figure. This reduction of only 3.8% from the current two years can
certainly be achieved without harm to essential UN mandates.
Many previous speakers have made a point with which my government fully
agrees. Budget cutting and reform are not the same thing. Budget
reductions that are random, oblivious to priorities and ignorant of
consequences will not produce a better organization. But reductions
that trim fat, rationalize priorities, eliminate duplication and
emphasize accountability can revitalize this institution and earn it
broader and deeper support in my country, among other major donors and
around the world. That is why I hope my colleagues will examine the
reforms suggested today on their own merits. Do not let your
understandable frustration over the $1 billion my government now owes
the UN cloud your judgment as we pursue our common goal: ensuring that
the UN delivers programs for people not jobs for bureaucrats.
This year, in the General Assembly, reform must be job #1. We must
improve the UN's mode of doing business in ways that are visible,
substantial and consequential; piecemeal reform is not sufficient. If
the UN's first half century is not to be its last, we must create the UN
This Fall, the General Assembly will be asked to approve a number of
important reforms that should constitute a down payment on the
comprehensive changes the UN needs. It is time now to make a serious
effort to increase outsourcing, bring transparency to the ACABQ,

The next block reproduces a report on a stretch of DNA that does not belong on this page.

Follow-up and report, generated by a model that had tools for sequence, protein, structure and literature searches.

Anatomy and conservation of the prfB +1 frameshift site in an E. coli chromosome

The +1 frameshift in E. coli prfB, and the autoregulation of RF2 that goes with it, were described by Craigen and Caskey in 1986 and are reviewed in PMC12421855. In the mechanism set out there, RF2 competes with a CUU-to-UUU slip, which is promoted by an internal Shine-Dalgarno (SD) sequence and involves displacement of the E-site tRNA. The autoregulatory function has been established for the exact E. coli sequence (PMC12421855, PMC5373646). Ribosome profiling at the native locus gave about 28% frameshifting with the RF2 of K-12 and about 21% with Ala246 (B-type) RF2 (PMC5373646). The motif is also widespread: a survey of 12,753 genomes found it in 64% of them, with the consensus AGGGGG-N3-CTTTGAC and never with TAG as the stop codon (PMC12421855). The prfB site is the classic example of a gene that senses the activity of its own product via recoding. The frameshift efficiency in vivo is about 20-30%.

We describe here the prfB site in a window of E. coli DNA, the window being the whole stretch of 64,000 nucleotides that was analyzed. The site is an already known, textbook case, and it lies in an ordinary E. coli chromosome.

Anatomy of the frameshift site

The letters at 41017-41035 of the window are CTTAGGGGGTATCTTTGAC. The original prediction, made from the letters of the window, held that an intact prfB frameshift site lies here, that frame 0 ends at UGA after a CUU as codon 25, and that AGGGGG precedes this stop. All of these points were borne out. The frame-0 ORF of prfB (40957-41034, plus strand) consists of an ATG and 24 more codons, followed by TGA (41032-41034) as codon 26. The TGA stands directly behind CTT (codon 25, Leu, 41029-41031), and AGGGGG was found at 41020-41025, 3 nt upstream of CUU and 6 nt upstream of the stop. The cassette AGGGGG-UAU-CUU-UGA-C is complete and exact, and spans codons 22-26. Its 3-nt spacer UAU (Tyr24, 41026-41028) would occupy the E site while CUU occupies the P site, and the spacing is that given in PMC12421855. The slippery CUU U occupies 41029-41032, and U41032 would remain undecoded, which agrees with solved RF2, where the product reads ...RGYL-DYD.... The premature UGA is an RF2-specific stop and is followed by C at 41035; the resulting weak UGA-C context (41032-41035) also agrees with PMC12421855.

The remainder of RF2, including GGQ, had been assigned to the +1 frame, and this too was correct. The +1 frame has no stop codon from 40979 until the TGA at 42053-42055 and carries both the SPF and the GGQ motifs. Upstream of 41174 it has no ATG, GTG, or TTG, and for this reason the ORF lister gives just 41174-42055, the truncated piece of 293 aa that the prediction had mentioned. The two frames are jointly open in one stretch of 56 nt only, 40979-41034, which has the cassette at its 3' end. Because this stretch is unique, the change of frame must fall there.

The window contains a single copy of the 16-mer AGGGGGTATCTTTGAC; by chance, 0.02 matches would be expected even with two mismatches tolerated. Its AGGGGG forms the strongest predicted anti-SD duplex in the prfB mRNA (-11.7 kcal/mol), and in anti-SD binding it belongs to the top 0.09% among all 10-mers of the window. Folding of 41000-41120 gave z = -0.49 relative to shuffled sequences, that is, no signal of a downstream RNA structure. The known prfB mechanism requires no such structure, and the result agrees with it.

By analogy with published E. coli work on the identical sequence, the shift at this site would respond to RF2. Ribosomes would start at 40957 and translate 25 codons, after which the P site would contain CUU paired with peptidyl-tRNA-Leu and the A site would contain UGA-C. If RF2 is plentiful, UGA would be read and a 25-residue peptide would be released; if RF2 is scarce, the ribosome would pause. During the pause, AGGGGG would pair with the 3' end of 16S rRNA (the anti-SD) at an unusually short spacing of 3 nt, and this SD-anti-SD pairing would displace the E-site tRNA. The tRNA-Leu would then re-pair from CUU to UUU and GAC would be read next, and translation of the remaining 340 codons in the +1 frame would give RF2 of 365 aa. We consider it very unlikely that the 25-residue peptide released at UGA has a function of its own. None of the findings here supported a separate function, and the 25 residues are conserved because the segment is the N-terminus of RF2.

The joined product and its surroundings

strengthen the newly-established OIOS and establish a modern code of
conduct and appropriate financial disclosure for the staff.
Fortunately, a serious dialogue is underway on how to revitalize the UN
for the long term. The General Assembly has established a high level
working group on UN reform. A number of recent studies have been
conducted, with many useful recommendations. We must review these
ideas, select the best, and implement them as soon as possible.
Our goal should be a UN system that is more productive for all its
members, east, west, north and south. Nations aspiring to expand their
economies don't need more UN bureaucrats; they need hands-on technical
assistance, access to credit and help in connecting to regional and
nongovernmental organizations working for the same goals. That's why we
want a UN that talks less and produces more; a UN that spends less on
salaries, stationery and ceremonies and more on services that save and
enrich peoples' lives.
Towards that end, my government pledges its own best efforts, and
solicits the assistance and counsel of all member states.